|Have one billion students learning with Genki English.|
Yeah, that’s billion, not million! The thing is that he never batted an eyelid. He knows the projects I’ve been involved in and with the India and now China projects coming online, fingers crossed this should be a big, but achievable goal.
Goals are bad?
Conversely, goals can be one of the big things that let English learners down. We all know we should have them, but in learning a language it’s so difficult to actually set a concrete level you want to attain in a specific time. I guess that’s why so many teachers start with the ABCs, because it’s something concrete and easy to show you’ve done, even if it doesn’t really help beginner students.
Some people use the TOEIC tests. I have a friend of mine who’s been overseas and wants to get something to prove she can speak English, so her aim is to get 850 points on the TOEIC test. I guess that’s a good goal, but again it’s not the most suitable for someone who just wants to learn how to speak and communicate in English.
The goal I use for new learners for Genki English is for the kids to:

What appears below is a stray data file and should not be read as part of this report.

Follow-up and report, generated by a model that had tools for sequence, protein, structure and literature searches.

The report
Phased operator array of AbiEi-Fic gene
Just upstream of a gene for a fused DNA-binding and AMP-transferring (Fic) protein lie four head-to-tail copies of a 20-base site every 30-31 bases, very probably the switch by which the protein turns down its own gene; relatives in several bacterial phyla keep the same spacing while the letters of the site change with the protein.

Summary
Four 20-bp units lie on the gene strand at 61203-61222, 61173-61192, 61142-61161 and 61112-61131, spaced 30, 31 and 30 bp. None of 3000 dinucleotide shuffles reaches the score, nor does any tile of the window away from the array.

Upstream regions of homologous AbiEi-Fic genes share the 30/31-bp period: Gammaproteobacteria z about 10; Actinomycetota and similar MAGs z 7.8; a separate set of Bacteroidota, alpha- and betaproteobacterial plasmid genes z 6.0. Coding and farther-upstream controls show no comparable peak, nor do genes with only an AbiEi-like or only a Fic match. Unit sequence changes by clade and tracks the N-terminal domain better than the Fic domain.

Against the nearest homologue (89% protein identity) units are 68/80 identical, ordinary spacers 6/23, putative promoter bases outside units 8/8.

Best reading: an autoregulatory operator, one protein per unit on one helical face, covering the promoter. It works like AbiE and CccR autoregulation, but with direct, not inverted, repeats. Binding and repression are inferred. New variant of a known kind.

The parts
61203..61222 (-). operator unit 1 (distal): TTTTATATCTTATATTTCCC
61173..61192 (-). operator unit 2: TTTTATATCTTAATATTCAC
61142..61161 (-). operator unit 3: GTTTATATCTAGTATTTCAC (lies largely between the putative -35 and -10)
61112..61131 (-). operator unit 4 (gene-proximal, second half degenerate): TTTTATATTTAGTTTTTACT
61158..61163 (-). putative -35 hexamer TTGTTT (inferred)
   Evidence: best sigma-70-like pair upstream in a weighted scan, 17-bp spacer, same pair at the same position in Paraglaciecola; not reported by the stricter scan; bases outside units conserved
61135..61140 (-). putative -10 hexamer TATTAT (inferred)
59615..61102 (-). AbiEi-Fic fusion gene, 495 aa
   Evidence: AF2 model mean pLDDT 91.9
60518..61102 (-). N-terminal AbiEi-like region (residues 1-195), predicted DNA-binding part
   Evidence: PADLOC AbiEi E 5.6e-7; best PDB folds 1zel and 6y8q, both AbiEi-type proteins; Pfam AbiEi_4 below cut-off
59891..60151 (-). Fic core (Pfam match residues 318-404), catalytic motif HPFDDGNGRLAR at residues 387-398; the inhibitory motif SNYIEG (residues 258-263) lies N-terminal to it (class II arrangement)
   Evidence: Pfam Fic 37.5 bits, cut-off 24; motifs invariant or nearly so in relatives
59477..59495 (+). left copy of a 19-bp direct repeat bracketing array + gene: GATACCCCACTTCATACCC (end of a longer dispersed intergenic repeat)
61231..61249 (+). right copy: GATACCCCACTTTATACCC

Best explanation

|Be able to say anything you want to say in English.|
It doesn’t mean fluent (whatever that means), it just means anything they can think or feel they can find a way to express it in English that is understood. e.g. if you can’t say “My Grandmother is ill”, you find a way around it such as “My mother’s mother is sick”.
Of course a goal without a time limit is just a wish, and the time limit I usually say is around 200 hours of lessons, or around 4 years at one lesson a week. I know that’s a little (a lot?) on the taking too long side, but you know it’s a start for less confident teachers.
Anyway, goals are important, and your students need to know them, and it’s so easy to improve the kids’ abilities with a even a mediocre one. But then again you might as well make it a big one, you never know you might just achieve it. As I’ve said before, President Kennedy didn’t decide to go to the moon because he knew they could do it, he did it because he didn’t know it couldn’t be done!
So the question is: what are your big goals for your students?